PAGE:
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5 Signs Your Office Is Not OSHA Compliant

5 Signs Your Office Is Not OSHA Compliant

No one should have to face injury or death to receive a paycheck. Congress created The Occupational Safety and Health Administration (OSHA) from the Occupational Safety and Health Act of 1970, to ensure healthy and safe working environments.  

OSHA compliance requirements are not exclusive to construction sites or healthcare facilities. OSHA extends safety regulations to any “person engaged in a business affecting commerce who has employees.” That means your average office can also violate OSHA standards.



5 Signs Your Office Is Not OSHA Compliant 

1. Your office does not have an emergency action or fire evacuation plan. 

OSHA requires written and oral emergency action plans that are available to employees for review. At minimum, emergency action plans must include: 

  • Procedures for reporting a fire or other emergency
  • Procedures for emergency evacuation, including type of evacuation and exit route assignments
  • Procedures to be followed by employees performing rescue or medical duties
  • The name or job title of every employee who can be contacted for more plan information
  • An employee alarm system with a distinctive signal
  • Training on safe and orderly evacuation 
  • A review of the plan when the plan is developed, when it changes, and when the employee’s responsibilities under the plan change


2. Your office exit route contains flammable decorations.

Christmas decorations, for example, can be highly flammable. Avoid placing Christmas trees, garland, tinsel, or stockings near major exits. As a precaution, any decorations near or blocking exit signs, fire alarms, fire extinguishers, fire sprinklers, or emergency exits, should be removed. Exit routes must be free and unobstructed at all times. Other flammable items that may be found around the office include cardboard, paper, styrofoam, gas, and disinfectants. Flammable liquids like disinfectants or drain cleaners should be stored the right way up, with the lids screwed on, in a locked ventilated cupboard. 


3. Your office does not have a sprinkler system (that actually works). 

Under OSHA, the employer must ensure that the office is compliant with the following rules:

  • Every automatic sprinkler system is provided with at least one automatic water supply capable of providing design water flow for at least 30 minutes. 
  • The sprinkler system piping must be protected against freezing and exterior surface corrosion.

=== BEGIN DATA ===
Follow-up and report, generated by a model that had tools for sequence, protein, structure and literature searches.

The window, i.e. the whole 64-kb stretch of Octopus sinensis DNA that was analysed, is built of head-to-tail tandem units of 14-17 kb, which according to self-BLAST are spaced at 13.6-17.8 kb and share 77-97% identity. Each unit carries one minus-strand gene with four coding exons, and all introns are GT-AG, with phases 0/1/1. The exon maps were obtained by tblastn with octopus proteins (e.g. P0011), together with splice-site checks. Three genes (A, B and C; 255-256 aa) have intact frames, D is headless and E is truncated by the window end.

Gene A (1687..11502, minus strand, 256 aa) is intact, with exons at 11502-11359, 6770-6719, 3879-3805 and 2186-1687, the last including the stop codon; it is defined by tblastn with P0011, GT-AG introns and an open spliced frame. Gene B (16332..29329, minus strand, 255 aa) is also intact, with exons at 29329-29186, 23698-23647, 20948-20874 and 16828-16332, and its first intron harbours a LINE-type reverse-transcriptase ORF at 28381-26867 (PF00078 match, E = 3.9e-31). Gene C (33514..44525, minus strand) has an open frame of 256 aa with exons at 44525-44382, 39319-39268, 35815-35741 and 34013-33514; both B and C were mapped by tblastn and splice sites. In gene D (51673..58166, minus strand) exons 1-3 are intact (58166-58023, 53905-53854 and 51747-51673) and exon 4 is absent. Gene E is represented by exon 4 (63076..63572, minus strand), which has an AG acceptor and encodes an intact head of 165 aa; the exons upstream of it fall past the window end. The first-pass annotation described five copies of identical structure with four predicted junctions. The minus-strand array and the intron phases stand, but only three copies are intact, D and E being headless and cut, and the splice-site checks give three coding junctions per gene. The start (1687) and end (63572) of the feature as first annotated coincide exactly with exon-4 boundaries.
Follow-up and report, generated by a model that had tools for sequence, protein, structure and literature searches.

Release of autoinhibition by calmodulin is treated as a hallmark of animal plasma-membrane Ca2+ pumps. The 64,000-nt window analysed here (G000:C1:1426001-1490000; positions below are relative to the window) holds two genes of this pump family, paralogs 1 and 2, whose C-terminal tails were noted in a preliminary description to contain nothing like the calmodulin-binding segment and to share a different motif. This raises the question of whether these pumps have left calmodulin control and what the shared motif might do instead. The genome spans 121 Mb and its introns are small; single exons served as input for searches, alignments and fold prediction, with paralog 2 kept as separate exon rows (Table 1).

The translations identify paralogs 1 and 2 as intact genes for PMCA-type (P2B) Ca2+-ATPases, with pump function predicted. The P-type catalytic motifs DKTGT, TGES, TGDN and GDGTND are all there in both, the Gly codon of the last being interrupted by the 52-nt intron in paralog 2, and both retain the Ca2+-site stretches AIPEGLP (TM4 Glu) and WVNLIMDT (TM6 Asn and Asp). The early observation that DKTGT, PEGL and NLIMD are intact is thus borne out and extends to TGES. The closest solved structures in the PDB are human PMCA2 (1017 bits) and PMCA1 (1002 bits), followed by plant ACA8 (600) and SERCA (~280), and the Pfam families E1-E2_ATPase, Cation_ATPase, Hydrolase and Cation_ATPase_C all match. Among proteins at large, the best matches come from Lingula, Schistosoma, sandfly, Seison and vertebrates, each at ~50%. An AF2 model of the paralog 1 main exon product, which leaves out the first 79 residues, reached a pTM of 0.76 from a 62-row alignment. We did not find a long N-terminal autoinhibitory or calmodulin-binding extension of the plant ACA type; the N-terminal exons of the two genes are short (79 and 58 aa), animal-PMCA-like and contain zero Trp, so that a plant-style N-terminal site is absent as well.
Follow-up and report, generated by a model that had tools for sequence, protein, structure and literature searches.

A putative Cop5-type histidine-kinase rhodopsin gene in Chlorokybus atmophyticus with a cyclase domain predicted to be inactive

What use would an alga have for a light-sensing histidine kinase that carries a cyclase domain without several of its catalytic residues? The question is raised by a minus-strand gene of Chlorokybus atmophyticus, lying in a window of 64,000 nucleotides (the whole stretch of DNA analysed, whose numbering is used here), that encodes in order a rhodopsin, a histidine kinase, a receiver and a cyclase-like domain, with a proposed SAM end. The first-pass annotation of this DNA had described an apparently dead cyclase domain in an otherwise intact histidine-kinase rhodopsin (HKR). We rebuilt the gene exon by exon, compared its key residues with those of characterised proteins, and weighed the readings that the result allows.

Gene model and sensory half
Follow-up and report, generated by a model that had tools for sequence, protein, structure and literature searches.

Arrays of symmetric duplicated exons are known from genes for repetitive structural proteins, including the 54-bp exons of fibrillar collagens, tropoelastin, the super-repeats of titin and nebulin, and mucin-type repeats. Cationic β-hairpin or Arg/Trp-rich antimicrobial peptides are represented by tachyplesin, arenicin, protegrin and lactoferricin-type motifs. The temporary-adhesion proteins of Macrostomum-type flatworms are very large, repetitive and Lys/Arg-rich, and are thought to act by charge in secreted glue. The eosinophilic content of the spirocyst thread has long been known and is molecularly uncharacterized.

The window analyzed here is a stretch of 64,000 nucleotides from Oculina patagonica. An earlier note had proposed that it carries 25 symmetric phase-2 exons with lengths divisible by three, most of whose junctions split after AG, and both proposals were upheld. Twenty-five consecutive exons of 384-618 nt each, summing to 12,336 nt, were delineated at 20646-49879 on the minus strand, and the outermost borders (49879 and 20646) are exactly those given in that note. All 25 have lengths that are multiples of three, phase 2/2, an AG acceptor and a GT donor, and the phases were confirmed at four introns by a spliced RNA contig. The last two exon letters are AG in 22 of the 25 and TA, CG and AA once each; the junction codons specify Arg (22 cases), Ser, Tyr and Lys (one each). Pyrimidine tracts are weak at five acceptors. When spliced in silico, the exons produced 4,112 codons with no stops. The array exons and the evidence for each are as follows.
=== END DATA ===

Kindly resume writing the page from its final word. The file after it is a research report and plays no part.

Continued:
• All dry sprinkler pipes and fittings must be installed so that the system can be totally drained. 
  • All sprinkler systems with 20+ sprinklers must include a sprinkler alarm that sounds upon water flow through the system. 
  • Sprinklers must be spaced to provide maximum protection area per sprinkler.


4. Your office contains air contaminants like asbestos or vinyl chloride. 

While air contaminants are more likely to be found at construction sites, factories, or laboratories, they can also be found in office environments. 

Asbestos, for example, can be an issue if your office building is under renovation and the asbestos is disturbed. Asbestos is most commonly used for insulation and fire protection, and can be found in pipes, floor tiles, coatings on ceilings and walls, and roofing. According to The Mesothelioma Center, Asbestos is dangerous because it “causes cancer and pulmonary diseases.” 

Vinyl chloride is another example of an air contaminant you could find in your office space. Vinyl chloride is found usually near industrial facilities that work with it, but can also be found in tobacco smoke. Under OSHA, “No employee may be exposed to vinyl chloride at concentrations greater than 5 ppm averaged over any period not exceeding 15 minutes.” 12 states– Alaska, Wyoming, Texas, Oklahoma, Missouri, Mississippi, Alabama, Kentucky, Georgia, South Carolina, Virginia, and West Virginia, still do not have smoking laws. To avoid costly OSHA compliance violations, it can be helpful to prohibit smoking in your office building or on your worksite. 

For a full list of air contaminants that violate OSHA Standards, check out OSHA’s list of special provisions. 


5. Your office contains exposed wiring. 

The Office of Congressional Workplace Rights states that both OSHA and the National Fire Protection Association (NFPA) require “insulation and protection of wiring energized at 50 volts or higher if the wiring is equal to or below eight feet off the ground.” 

Wiring is considered “exposed” when the insulation around electrical cords is damaged, revealing the wires. Exposed wiring is a very dangerous hazard as it can cause injury due to electrocution, electrical shock, or fire. Exposed wiring can be caused by typical wear and tear, and it can easily go unnoticed, so it’s important to check your wires periodically. 

In the workplace, electrical hazards can also be found in light fixtures. An uncovered fluorescent light or light fixtures hanging by wiring can all be very dangerous. 

OSHA also requires that outlets and switches remain covered by their plastic or stainless steel coverings. It’s especially hazardous to place an uncovered outlet next to a light switch. If an employee or worker is trying to find the light switch in the dark, they could easily get electrocuted because of the missing outlet cover.   

Check out the Training Requirements in OSHA Standards document for information on OSHA mandated compliance training. Keep in mind that some states provide their own OSHA compliance rules. Your organization is required to adhere to whichever laws are more stringent.


Additional Resources

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